Rule of thirds and the Golden Mean
The rule of thirds divides the frame in nine equal parts: Two horizontal lines and two vertical lines create three columns and three rows.
Placing your main subject on either of the points where the lines cross is a good idea, as it helps to avoid the so called bull’s eyes shots, but there’s a catch. The division between dark and light areas in the image can create dissonance if one of those power points doesn’t align.
The golden ratio is a special number (phi or roughly 1.61803398875) found by dividing a line into two parts so that the longer part divided by the smaller part is also equal to the whole length divided by the longer part. Yeah. I had to read that three times myself. Here’s the difference between the two:
Before: Rule of Thirds. After: Golden Mean.
These rules have been around for centuries and many art forms (even music) make use of it. It’s one of those things that have become so synonymous with art, that we have come to expect the application of either the rule of thirds or the golden mean in photography as well. Don’t rely on percentages, rules, and divisions, though. Get creative and use these as guidelines, rather than rules.
Placing the horizon
Of course it’s a good idea to place the horizon along one of those lines described above as those guidelines help to avoid bisecting an image by placing the horizon in the center. But should there be more ground or more sky? It depends on the mood you want to set. The theory behind this is that more sky will convey openness, calmness, and even the divine, as a grand sky shifts the attention upward.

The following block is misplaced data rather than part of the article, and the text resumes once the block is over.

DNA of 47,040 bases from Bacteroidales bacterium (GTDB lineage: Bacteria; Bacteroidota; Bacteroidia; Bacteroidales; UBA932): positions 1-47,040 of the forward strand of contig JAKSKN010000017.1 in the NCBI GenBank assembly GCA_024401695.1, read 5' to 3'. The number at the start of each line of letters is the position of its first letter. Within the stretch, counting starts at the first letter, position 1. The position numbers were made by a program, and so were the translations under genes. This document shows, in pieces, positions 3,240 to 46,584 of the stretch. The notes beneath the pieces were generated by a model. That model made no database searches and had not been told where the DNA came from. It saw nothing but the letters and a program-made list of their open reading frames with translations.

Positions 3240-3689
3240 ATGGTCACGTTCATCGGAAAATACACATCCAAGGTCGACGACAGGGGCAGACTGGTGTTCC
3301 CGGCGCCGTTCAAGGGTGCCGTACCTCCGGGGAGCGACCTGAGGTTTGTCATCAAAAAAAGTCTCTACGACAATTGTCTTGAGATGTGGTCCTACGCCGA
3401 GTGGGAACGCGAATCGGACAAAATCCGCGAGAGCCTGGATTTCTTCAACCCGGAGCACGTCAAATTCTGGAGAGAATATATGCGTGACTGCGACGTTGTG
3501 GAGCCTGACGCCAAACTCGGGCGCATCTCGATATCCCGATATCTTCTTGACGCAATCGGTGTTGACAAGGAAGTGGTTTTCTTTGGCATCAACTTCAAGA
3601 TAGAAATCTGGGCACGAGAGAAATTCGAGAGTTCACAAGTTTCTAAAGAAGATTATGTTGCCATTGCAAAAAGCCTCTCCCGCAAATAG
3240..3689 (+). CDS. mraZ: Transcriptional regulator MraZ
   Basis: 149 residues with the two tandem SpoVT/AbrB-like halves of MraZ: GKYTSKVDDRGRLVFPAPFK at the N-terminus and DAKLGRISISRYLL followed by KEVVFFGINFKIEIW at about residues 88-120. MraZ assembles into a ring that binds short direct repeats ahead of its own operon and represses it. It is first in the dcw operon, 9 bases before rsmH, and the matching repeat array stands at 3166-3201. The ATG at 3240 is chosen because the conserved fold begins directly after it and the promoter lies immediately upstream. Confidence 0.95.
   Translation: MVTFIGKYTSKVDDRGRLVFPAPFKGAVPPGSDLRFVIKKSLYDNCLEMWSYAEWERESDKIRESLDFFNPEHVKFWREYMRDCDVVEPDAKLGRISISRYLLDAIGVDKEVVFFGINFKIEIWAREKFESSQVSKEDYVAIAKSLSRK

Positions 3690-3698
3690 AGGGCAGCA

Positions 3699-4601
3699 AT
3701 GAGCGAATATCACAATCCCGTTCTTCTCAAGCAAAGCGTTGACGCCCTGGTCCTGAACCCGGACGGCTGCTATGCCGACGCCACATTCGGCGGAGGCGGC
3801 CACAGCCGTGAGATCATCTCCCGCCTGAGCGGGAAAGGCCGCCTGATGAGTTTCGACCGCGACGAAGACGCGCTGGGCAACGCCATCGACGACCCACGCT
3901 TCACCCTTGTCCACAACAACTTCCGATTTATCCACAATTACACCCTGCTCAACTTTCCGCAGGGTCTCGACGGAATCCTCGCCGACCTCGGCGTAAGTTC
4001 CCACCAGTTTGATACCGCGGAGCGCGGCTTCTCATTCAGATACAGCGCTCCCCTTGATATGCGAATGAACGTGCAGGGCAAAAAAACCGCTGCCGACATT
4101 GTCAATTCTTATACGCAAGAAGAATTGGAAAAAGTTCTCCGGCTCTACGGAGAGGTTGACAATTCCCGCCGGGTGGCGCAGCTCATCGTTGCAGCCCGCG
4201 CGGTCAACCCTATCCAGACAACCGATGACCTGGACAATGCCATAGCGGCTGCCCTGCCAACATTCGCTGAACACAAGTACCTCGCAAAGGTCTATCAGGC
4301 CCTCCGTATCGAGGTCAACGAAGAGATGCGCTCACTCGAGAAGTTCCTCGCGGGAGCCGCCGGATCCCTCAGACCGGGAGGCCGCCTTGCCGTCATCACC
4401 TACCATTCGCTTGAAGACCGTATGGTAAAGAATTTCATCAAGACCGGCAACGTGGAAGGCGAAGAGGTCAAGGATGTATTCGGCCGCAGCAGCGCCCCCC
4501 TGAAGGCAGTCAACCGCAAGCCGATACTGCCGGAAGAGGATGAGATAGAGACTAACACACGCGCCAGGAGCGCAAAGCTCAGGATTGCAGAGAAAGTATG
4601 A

Conveying the divine nature of countless stars above your head works well if you place the horizon closer to the bottom of the image.
More ground however, will often result in feeling more condensed; grounded. Even conveying a sense of dread in some cases. This is derived from semiotics; the study of signs and symbols and their use or interpretation. It’s the language of meaning.
With so much ground, it’s hard not to feel like something’s brooding on the horizon.
In western culture, we read from left to right and from top to bottom. In their 1996 book “Reading Images: The Grammar of Visual Design,” Kress and Van Leeuwen propose that you can make good use of this way of reading; from left to right. Consequently, what’s left in an image happened in the past and what’s on the right will happen at some time in the future. Everything to the top of the image, according to Kress and Van Leeuwen, is something of an ideal; the promise. Everything at the bottom of an image is more factual; the real.
The use of the telephoto lens in landscape photography
If there’s one way of practicing composition, it’s through the use of a longer lens. If you want to be a better compositional artist, a smaller frame will let you decide more easily. Too often I see aspiring landscape photographers wanting to go as wide as possible, as soon as possible. It’s far more difficult to properly guide the viewer to your subjects with wide-angle lenses.
So, until I return next time with advanced techniques for the more experienced photographers, I want you to go out to that great photography location in your area. Go out often, wait for the light, isolate your subject, and bring a lens with a focal length of a minimum of 50mm.
Originally published in fstoppers